The Sonoran Desert is home to 60 species of mammals, more than 350 kinds of birds, 20 amphibians, around 100 reptiles and over 2000 native species of plants.
It contains a variety of unique and endemic plants and animals, such as the Saguaro (Carnegiea gigantea) and Organ Pipe cactus (Stenocereus thurberi).
When the desert is windy, the sand gets picked up and tossed around which creates a sand storm or if the wind is blowing in a certain kind of way, it creates a whirlwind or dust devil.
Water accumulated by the mountains drains into rivers that cross the desert, creating corridors of riparian vegetation even during dry times of the year.
Many plants not only survive, but thrive in the harsh conditions of the Sonoran Desert. Many have evolved to have specialized adaptations to the desert climate. The Sonoran Desert’s biseasonal rainfall pattern results in more plant species than in the other North America deserts. The Sonoran Desert includes plant genera and species from the agave family, palm family, cactus family, legume family, and numerous others.
The seasons are like any other. Spring is a time when flowers bloom if the winter and fall had enough rain that year. There is summer and in the summer it rains the most and that helps summer flowers grow. Then fall comes with a cooler breeze, which lets the deserts summer heat wear away. Winter brings snow to the mountains and cold air to the desert valley.

harvestheart:

Interesting facts about the Sonoran Desert:

  • The key to the Sonoran Desert’s climate is the amount of rainfall which falls. More rain falls on the Sonoran Desert than any other desert.
  • This is the hottest of North American deserts, but a distinctly bimodal rainfall pattern produces a high biological diversity.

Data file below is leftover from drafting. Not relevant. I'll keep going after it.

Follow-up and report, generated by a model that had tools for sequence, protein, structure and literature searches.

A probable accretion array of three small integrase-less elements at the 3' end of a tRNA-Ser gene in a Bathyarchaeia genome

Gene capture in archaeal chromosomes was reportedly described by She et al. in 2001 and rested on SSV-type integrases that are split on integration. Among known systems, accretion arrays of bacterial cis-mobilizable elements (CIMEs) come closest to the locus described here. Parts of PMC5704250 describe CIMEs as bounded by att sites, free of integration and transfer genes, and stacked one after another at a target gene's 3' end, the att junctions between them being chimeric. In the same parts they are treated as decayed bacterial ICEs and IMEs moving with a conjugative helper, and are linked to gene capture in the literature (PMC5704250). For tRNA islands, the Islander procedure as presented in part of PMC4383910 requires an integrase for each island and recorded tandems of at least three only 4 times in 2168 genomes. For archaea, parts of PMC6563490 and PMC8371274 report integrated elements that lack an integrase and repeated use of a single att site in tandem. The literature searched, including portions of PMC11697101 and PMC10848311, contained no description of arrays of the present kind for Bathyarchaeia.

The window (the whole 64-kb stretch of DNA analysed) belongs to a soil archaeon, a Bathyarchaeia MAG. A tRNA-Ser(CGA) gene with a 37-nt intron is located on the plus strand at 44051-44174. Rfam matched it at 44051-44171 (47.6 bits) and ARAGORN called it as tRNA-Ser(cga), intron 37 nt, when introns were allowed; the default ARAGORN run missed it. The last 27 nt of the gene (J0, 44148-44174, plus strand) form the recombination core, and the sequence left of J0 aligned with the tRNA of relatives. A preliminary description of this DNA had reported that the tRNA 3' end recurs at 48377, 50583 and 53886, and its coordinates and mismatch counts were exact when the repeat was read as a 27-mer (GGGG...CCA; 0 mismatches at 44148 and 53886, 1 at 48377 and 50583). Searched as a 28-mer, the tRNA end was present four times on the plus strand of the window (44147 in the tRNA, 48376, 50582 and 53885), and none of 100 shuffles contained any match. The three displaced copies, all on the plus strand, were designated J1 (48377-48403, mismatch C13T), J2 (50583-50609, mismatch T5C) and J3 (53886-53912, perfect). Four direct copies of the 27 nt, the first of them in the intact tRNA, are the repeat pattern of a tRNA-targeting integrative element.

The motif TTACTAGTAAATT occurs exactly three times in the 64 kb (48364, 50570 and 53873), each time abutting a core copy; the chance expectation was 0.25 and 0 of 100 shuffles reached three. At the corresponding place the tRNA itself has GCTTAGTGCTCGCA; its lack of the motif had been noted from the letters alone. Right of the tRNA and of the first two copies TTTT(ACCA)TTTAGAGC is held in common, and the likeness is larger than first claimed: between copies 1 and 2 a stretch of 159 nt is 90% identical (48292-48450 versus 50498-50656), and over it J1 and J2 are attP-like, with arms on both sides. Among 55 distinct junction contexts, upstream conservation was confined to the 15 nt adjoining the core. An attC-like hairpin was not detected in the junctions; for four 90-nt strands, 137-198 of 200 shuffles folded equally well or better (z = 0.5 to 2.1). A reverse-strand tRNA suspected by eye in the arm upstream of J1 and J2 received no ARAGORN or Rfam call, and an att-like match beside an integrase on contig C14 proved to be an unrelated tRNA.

• The Sonoran Desert is home to 60 species of mammals, more than 350 kinds of birds, 20 amphibians, around 100 reptiles and over 2000 native species of plants.
  • It contains a variety of unique and endemic plants and animals, such as the Saguaro (Carnegiea gigantea) and Organ Pipe cactus (Stenocereus thurberi).
  • When the desert is windy, the sand gets picked up and tossed around which creates a sand storm or if the wind is blowing in a certain kind of way, it creates a whirlwind or dust devil.
  • Water accumulated by the mountains drains into rivers that cross the desert, creating corridors of riparian vegetation even during dry times of the year.
  • Many plants not only survive, but thrive in the harsh conditions of the Sonoran Desert. Many have evolved to have specialized adaptations to the desert climate. The Sonoran Desert’s biseasonal rainfall pattern results in more plant species than in the other North America deserts. The Sonoran Desert includes plant genera and species from the agave family, palm family, cactus family, legume family, and numerous others.
  • The seasons are like any other. Spring is a time when flowers bloom if the winter and fall had enough rain that year. There is summer and in the summer it rains the most and that helps summer flowers grow. Then fall comes with a cooler breeze, which lets the deserts summer heat wear away. Winter brings snow to the mountains and cold air to the desert valley.
Richard Bach
Messiah’s Handbook
Reminders for the Advanced Soul

Richard Bach
Messiah’s Handbook
Reminders for the Advanced Soul

Gil Elvgren

Gil Elvgren